Natural Philosopher Quotes (4 quotes)
As for hailing [the new term] scientist as 'good', that was mere politeness: Faraday never used the word, describing himself as a natural philosopher to the end of his career.
It is not Cayley’s way to analyze concepts into their ultimate elements. … But he is master of the empirical utilization of the material: in the way he combines it to form a single abstract concept which he generalizes and then subjects to computative tests, in the way the newly acquired data are made to yield at a single stroke the general comprehensive idea to the subsequent numerical verification of which years of labor are devoted. Cayley is thus the natural philosopher among mathematicians.
It is not necessary to probe into the nature of things, as was done by those whom the Greeks call physici; nor need we be in alarm lest the Christian should be ignorant of the force and number of the elements—the motion, and order, and eclipses of the heavenly bodies; the form of the heavens; the species and the natures of animals, plants, stones, fountains, rivers, mountains; about chronology and distances; the signs of coming storms; and a thousand other things which those philosophers either have found out, or think they have found out. … It is enough for the Christian to believe that the only cause of all created things, whether heavenly or earthly … is the goodness of the Creator, the one true God.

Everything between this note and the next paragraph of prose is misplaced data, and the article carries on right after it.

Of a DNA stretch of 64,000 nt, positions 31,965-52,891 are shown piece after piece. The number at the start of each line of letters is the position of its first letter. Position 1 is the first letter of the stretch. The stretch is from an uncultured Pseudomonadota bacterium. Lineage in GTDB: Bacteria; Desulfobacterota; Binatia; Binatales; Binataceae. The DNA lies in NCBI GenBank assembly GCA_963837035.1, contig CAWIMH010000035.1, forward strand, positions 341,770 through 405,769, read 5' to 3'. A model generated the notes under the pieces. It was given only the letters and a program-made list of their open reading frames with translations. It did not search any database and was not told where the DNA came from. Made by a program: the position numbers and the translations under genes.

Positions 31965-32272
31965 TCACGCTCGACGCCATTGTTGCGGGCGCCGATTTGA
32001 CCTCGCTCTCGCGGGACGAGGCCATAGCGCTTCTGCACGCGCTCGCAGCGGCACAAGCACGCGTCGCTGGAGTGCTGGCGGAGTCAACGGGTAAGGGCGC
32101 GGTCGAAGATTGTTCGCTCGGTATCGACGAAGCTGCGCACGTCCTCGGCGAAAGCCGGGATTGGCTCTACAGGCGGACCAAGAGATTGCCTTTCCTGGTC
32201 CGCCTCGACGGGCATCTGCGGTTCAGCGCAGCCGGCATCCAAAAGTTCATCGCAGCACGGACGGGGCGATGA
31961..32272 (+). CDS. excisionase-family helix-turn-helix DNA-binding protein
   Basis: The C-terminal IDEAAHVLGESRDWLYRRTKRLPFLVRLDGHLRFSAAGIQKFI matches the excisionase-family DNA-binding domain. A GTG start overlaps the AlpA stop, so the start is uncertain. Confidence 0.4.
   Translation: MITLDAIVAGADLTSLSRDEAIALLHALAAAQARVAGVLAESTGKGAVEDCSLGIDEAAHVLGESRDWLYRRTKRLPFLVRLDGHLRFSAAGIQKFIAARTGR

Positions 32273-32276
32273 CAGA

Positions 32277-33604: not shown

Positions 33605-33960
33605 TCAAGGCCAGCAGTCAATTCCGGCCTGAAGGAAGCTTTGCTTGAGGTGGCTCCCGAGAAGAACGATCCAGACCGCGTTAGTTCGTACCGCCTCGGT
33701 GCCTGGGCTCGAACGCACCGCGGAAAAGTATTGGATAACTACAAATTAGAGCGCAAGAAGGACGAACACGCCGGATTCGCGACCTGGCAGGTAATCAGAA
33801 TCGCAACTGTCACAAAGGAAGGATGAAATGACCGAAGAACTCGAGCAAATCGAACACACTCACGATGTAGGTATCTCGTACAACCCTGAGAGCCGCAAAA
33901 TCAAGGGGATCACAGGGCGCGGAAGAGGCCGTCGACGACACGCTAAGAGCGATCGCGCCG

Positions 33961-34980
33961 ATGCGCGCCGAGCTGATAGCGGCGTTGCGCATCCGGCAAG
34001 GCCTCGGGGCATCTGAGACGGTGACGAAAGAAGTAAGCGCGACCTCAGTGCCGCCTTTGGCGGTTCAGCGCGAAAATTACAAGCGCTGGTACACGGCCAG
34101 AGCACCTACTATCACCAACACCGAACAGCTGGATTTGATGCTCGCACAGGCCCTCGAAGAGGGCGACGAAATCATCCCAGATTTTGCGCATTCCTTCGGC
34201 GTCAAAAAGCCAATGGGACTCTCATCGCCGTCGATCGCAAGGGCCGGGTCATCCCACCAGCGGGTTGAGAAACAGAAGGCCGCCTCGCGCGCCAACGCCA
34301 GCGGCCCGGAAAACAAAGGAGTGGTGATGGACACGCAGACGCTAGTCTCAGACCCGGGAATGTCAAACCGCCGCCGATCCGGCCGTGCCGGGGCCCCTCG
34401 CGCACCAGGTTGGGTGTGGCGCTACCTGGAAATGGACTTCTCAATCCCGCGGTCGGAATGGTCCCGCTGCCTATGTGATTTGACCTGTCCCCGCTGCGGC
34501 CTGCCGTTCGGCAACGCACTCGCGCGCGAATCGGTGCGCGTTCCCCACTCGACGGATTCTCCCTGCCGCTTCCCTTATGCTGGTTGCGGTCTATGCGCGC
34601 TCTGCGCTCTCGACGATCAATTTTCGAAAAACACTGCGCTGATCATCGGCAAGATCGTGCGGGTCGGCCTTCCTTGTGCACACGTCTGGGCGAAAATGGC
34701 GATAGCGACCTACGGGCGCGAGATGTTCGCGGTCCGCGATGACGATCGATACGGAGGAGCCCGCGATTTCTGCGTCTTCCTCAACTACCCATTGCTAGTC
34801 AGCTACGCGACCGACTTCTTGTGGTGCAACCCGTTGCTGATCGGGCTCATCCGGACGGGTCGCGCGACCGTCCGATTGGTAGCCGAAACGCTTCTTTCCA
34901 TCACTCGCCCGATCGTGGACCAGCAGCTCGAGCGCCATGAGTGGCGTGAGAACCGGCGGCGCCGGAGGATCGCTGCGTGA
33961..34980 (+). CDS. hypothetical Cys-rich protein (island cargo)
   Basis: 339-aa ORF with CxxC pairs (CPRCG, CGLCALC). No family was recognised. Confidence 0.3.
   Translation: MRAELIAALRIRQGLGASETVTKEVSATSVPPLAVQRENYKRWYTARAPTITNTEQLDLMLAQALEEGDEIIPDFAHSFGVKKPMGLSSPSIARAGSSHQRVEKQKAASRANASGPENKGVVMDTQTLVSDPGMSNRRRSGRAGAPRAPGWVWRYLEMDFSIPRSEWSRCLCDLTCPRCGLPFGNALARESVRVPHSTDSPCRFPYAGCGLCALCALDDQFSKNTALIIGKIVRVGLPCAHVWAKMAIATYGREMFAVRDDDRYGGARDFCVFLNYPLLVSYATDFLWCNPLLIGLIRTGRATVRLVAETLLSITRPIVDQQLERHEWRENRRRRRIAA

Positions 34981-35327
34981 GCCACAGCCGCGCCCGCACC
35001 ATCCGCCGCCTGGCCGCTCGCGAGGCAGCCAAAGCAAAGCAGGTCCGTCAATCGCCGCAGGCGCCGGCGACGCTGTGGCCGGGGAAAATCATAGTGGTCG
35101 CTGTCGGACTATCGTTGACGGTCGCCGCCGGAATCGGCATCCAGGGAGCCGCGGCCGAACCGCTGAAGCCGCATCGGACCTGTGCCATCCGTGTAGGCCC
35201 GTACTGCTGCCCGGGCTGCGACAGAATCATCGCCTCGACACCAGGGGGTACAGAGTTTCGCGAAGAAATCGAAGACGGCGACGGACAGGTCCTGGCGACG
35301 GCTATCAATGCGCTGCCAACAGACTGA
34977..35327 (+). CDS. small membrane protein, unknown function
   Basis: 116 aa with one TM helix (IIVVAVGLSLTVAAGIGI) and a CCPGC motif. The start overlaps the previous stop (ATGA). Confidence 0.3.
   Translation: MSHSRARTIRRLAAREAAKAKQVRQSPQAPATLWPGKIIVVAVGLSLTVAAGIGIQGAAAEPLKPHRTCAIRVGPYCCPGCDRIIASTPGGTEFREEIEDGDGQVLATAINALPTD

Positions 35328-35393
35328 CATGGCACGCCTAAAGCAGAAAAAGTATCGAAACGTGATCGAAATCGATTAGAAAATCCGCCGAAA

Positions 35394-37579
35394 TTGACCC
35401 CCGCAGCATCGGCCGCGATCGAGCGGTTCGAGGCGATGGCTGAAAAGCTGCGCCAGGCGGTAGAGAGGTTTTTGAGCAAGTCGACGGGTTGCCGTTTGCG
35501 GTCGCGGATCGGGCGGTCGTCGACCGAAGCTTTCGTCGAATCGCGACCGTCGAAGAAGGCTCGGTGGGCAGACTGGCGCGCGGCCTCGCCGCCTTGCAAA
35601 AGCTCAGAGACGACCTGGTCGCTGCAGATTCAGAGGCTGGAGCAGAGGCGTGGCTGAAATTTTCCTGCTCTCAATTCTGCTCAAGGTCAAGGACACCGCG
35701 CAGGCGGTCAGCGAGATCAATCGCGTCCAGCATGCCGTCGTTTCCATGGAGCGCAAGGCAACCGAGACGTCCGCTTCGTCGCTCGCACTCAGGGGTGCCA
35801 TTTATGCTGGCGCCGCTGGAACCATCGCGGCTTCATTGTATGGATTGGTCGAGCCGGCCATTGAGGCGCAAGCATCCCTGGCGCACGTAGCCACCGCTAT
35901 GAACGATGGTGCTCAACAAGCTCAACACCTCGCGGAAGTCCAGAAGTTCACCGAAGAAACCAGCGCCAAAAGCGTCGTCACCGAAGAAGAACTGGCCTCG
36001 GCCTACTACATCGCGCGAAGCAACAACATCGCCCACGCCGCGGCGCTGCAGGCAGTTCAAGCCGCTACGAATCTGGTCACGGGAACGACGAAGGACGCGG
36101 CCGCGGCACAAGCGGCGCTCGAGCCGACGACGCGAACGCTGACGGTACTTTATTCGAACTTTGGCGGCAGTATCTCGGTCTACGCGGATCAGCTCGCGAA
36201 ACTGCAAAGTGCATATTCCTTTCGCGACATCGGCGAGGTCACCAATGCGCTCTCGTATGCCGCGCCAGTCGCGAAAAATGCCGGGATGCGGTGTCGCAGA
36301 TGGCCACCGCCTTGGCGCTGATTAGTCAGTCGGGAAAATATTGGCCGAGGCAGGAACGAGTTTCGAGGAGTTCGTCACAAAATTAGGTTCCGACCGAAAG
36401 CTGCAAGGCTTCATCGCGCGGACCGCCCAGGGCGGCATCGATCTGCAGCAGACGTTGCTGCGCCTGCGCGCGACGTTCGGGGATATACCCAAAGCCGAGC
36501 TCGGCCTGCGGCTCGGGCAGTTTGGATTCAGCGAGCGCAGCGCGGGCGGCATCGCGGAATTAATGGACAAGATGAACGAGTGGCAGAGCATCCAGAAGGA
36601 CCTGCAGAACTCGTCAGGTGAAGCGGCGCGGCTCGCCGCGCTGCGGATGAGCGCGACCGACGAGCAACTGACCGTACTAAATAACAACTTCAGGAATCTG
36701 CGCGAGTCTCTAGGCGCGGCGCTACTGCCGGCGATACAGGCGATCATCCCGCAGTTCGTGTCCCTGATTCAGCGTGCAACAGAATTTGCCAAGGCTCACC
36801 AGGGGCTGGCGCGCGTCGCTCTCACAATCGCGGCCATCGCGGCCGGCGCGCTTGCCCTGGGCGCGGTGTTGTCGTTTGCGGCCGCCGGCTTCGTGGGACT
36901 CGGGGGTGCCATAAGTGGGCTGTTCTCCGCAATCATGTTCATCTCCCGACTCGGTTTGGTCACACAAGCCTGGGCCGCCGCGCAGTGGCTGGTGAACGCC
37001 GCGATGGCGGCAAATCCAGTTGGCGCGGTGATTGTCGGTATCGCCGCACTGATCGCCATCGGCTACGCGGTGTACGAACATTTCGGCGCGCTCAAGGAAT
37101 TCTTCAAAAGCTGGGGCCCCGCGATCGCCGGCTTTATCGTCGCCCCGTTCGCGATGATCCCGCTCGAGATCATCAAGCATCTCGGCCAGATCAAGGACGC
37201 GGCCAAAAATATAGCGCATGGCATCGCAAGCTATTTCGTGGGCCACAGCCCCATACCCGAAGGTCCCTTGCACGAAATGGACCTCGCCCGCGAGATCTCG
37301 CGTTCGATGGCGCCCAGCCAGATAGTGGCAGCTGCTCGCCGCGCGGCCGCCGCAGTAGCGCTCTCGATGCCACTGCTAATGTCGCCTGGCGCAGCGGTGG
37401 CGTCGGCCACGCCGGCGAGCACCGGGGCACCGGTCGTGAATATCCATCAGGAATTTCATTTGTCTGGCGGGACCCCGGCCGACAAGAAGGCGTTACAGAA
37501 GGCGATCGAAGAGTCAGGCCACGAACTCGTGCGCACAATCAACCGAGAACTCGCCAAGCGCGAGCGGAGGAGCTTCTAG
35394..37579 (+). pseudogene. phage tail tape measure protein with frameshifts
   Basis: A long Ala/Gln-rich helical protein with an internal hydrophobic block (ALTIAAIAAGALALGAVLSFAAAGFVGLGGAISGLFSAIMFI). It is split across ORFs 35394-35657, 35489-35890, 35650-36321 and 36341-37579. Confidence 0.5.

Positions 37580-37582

Those who consider James Watt only as a great practical mechanic form a very erroneous idea of his character: he was equally distinguished as a natural philosopher and a chemist, and his inventions demonstrate his profound knowledge of those sciences, and that peculiar characteristic of genius, the union of them for practical application.